Americans concerned with government corruption really should study Italy.
“You know Italians,” septuagenarian Elio Ciampanella was quoted in the New York Times last week. “If there is a law, they will try to find ways to go around it!”
But it is not just ordinary citizens — the people — who are evading bad laws. It is government workers who won’t do their jobs, and who engage in a wide range of corrupt deals and shady incompetence.
I know, this seems awfully unfair to the Italians. What I’ve said is the case with governments around the world. But not equally. (Scandinavian countries have a long history of government worker probity, if not ultra-competence.) And Italians do have a well-earned reputation for government corruption.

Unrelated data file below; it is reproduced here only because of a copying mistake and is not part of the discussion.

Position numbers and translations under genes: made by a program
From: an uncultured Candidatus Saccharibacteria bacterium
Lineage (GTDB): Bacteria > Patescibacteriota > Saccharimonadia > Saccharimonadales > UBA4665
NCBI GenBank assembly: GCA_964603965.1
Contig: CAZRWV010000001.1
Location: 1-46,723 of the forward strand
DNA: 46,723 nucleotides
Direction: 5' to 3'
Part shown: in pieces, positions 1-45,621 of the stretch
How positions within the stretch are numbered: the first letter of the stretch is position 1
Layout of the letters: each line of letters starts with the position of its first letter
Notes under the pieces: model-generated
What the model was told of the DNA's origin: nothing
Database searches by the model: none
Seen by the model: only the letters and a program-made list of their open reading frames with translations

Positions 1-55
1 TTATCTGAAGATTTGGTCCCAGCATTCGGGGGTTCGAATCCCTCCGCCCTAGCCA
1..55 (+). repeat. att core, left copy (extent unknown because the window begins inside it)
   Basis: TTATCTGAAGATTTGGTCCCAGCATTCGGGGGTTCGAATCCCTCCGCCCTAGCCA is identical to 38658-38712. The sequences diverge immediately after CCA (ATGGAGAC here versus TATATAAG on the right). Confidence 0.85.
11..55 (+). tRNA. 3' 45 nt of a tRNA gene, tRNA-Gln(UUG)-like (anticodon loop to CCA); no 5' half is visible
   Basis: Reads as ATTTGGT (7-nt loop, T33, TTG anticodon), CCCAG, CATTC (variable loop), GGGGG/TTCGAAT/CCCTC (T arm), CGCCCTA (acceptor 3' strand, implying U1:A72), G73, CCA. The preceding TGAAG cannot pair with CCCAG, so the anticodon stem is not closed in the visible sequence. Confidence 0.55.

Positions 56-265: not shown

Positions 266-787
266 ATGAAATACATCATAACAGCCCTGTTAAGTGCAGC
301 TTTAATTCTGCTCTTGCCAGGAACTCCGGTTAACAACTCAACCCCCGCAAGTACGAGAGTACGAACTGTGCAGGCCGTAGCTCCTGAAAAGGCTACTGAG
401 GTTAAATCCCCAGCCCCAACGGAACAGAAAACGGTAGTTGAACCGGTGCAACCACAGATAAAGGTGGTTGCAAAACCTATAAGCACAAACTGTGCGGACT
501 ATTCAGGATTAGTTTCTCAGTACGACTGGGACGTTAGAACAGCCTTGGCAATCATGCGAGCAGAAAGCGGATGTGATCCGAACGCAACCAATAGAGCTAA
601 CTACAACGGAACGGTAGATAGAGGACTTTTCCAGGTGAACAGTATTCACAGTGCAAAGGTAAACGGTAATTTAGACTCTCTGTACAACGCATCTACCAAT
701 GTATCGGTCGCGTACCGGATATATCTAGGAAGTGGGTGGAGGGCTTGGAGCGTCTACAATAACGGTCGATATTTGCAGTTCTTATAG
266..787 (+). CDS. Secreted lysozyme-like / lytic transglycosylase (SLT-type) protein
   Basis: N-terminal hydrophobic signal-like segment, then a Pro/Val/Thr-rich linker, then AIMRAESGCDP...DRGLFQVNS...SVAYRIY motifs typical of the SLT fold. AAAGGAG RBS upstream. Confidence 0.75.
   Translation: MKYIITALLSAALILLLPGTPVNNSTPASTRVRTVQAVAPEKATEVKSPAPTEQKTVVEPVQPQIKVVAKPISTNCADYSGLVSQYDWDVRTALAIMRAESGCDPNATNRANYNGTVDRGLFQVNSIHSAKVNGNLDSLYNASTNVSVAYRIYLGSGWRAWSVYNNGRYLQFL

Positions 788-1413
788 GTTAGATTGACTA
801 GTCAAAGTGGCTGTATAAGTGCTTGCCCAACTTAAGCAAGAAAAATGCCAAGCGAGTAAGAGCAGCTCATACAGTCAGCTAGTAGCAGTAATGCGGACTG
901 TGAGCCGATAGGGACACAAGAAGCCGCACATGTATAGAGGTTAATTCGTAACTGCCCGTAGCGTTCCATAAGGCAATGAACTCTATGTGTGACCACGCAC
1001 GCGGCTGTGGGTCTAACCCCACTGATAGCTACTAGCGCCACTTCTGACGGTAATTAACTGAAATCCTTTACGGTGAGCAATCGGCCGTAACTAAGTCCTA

Arguably, it’s the form freedom takes in Italy.
Be that true or not, Mr. Ciampanella’s story, as related in the Times, is a fascinating one. He asked for a government-subsidized apartment, and had to wait ten years to get one . . . only to discover the problem wasn’t a lack of apartments, but a surfeit.
Yes, the government owned too many apartments to keep track of!
And so they didn’t.
And gave special deals to “special people.”
In other words: incompetence and corruption as a way of life.
Market institutions that behave so chaotically and with so little attention to efficiency go out of business. But government? That’s “necessary,” so: too big to fail. And so, commonly excused.
No wonder, then, that the common-sense approach to government is to limit it.
This is Common Sense. I’m Paul Jacob.
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